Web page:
EconoMatters, Future of Asia

Quo Vadis, China?

Under Xi Jinping, will China opt for a “new totalitarianism,” the current “hard authoritarianism,” turn back to a sort of “soft authoritarianism” or move toward a “semi-democracy”?

Credit: ArtisticPhoto Shutterstock.com

Takeaways


  • Since 1978, GDP per capita in China increased from USD 222.5 in 1978 to USD 7,603.2 in 2014.
  • The political authority of China’s Communist Party (CPC) is strongly dependent on economic modernization and poverty reduction.
  • In order to put its economic model on a sustainable development path, China should allow extensive structural reforms.

Since 1978, GDP per capita in China increased from USD 222.5 in 1978 to USD 7,603.2 in 2014, with the Chinese population growing from 962.2 million to 1,367.8 million over the same period.

The political authority of China’s Communist Party (CPC) is strongly dependent on this economic modernization and poverty reduction. This is why the Chinese government tries its best to avoid any – even temporary – economic slump.

China’s communist government has recognized since at least the 12th Five-Year Plan, passed in 2011, that the Chinese economy is afflicted by serious structural problems.

The plan calls for shifting economic growth away from investment and exports towards domestic consumption, increasing the share of services in the economy and slashing industrial overcapacities, and increasing the share of alternative energy sources.

The overall goal is to move towards a post-industrial service-based economy driven by technical progress.

Can the Chinese leadership succeed?

However, there are doubts whether the Chinese leadership will be able to manage this very complex structural change through the top-down central economic planning. Japan, South Korea and Taiwan have been successful, but the majority of other countries failed at this task.

Not much has changed so far about the dominant position of the CPC. It clings to its vision of achieving “economic growth without socio-political freedom.”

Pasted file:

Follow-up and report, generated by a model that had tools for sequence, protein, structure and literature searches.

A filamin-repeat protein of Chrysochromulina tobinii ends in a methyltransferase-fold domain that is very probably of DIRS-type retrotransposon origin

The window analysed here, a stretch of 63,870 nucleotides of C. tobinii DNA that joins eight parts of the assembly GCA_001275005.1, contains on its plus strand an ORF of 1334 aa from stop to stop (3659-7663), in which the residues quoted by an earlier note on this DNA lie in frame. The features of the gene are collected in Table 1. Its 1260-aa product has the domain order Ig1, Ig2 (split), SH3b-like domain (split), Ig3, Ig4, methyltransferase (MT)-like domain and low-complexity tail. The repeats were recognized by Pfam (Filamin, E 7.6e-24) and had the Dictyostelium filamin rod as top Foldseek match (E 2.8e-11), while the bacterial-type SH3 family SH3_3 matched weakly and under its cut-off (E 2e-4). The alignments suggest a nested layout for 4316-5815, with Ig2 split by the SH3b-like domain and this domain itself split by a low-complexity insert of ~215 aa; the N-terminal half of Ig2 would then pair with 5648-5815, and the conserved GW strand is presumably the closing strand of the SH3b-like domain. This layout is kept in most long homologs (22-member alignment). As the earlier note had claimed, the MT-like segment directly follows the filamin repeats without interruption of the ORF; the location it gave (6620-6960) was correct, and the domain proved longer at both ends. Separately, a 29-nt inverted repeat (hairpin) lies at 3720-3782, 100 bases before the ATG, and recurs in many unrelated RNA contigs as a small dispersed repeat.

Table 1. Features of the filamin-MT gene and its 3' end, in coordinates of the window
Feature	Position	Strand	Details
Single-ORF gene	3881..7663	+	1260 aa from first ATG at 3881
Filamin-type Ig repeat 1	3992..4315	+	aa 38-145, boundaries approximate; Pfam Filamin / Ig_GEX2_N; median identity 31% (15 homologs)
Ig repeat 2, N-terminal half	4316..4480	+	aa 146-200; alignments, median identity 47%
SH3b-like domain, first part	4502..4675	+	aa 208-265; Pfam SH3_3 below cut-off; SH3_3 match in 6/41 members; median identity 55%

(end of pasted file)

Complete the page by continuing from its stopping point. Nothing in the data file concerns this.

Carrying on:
True, the modernization of China’s economy encompasses capitalistic methods. However, individualism and plurality of interests are still rejected by the Chinese leadership on the grounds of their incompatibility both with Chinese tradition and with Marxism-Leninism.

Furthermore, since 2013 the CPC has been successful at disciplining the political elite, controlling justice, systematically monitoring society and consolidating its power. And the 19th Party Congress of the CPC, held this month, could further strengthen the position of CPC General Secretary Xi Jinping.

However, the ongoing consolidation of decision-making, the stricter discipline of the CPC, the focus of power on Xi Jinping, together with the need to solve the existing structural problems and financial bubbles could significantly narrow economic freedom and future development perspectives.

Where will China go from here?

China can revert to a kind of “new-totalitarianism,” maintain the current regime of “hard authoritarianism,” turn back to a sort of “soft authoritarianism,” similar to the regime between 1998 and 2008, or it might change to a “semi-democracy.”

In order to put its economic model on sustainable development path, China should allow extensive structural reforms. That would include a path of creative destruction, without CPC’s central conduct and control.

Moreover, although this does not seem to be very probable under Xi’s current path of “hard authoritarianism,” China should push back government interventions. Otherwise, China’s economic development will be hampered.

At the same time, these changes could lead to the loss of the necessary legitimation of the CPC to reign. For the time being, therefore, the Chinese government prefers to further consolidate its power – for instance, through strategies like “one belt, one road” (OBOR).

That economic strategy opens valves abroad to accommodate the accumulating pressures that are mounting at home due to the structural reforms that are undertaken.

It remains to be seen, however, how much time the Chinese government is actually winning through the OBOR strategy. It is plausible to assume that it will not work in the mid- to long-run, either in China or elsewhere.

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About Agnieszka Gehringer

Agnieszka Gehringer, PhD is a Senior Research Analyst at the Flossbach von Storch Research Institute

About Norbert F. Tofall

Norbert F. Tofall is a senior research analyst at the Flossbach von Storch Research Institute.

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